Applying a minimum price to alcoholic products will not reduce the problems associated with binge drinking in the UK.
So argued Paul Walsh, chief executive of Diageo, the world's largest drinks company, today.
Speaking as the Guinness producer announced operating profits of £2.8bn for the last financial year, Walsh said there was "no empirical evidence that pricing curbs alcohol abuse".
He said his company was in always in discussions with ministers about how to tackle problem drinking, and would work with the government to "satisfy all its objectives in this area".
But he argued that it needed to be a targeted approach, since alcohol abuse was confined to a small percentage of the population.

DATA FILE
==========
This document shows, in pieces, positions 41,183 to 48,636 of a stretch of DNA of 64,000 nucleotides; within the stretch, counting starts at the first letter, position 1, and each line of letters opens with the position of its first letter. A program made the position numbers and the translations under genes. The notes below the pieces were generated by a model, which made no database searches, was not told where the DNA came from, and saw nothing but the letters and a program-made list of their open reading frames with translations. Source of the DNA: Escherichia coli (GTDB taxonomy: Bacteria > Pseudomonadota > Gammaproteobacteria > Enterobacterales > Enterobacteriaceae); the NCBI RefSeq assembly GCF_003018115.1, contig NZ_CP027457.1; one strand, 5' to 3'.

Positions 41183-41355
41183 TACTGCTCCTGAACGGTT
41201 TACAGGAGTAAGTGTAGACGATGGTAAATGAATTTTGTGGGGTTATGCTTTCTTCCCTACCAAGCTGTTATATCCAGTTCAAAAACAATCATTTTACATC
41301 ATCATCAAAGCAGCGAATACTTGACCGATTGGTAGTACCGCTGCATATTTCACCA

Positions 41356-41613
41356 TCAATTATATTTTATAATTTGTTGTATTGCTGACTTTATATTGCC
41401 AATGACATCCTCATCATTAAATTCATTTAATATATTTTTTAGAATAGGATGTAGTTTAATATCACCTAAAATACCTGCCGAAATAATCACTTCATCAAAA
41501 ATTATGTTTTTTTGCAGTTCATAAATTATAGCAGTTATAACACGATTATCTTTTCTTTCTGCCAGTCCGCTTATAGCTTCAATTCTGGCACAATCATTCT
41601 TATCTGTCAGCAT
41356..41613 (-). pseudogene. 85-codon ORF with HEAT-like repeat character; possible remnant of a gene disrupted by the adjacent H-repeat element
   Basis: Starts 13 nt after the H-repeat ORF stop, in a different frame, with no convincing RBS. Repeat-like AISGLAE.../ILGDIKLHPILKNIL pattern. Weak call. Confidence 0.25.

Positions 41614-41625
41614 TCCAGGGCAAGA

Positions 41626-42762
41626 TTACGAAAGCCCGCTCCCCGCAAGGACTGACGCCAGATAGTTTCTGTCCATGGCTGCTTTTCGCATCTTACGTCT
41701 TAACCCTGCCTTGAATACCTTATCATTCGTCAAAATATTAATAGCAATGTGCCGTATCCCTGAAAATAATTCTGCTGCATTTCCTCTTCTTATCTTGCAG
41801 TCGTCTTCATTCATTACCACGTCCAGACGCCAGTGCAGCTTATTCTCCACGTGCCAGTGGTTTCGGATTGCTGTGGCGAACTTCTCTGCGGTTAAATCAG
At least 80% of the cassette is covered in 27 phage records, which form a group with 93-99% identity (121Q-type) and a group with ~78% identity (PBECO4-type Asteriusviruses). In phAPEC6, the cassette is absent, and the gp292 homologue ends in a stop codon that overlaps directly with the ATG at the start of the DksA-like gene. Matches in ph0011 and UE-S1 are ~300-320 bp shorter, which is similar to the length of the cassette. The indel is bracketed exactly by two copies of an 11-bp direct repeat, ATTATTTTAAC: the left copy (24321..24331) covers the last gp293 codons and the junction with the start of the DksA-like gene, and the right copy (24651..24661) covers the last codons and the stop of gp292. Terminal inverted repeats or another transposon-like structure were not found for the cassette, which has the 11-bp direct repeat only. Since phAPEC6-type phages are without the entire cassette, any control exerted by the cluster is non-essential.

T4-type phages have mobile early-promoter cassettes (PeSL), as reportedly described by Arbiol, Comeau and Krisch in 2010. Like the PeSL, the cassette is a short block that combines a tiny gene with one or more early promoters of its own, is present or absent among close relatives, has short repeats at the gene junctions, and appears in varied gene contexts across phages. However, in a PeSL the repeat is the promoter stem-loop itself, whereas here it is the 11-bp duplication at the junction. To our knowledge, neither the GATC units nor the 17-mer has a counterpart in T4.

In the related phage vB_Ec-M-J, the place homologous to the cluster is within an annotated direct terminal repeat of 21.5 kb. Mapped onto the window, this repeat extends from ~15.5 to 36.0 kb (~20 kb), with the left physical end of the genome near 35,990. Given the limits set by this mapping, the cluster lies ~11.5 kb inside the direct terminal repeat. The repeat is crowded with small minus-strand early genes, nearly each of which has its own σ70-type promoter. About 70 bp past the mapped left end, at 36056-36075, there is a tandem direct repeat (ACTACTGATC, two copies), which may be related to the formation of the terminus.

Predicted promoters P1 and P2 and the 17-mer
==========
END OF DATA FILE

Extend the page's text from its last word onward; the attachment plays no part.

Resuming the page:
"There is no point penalising a middle-aged couple who enjoy a glass of Bells scotch whisky every now and then. Making such a drink unaffordable for pensioners seems unnecessary," he said.
Diageo today reported that sales of Guinness had remained flat in the UK, while the brand's share of the on-trade beer market had risen to eight per cent, its highest level ever.
The Publican favours of a 50p per unit minimum price for alcohol, as part of its 'Make It The Minimum' campaign to help pubs compete with supermarkets.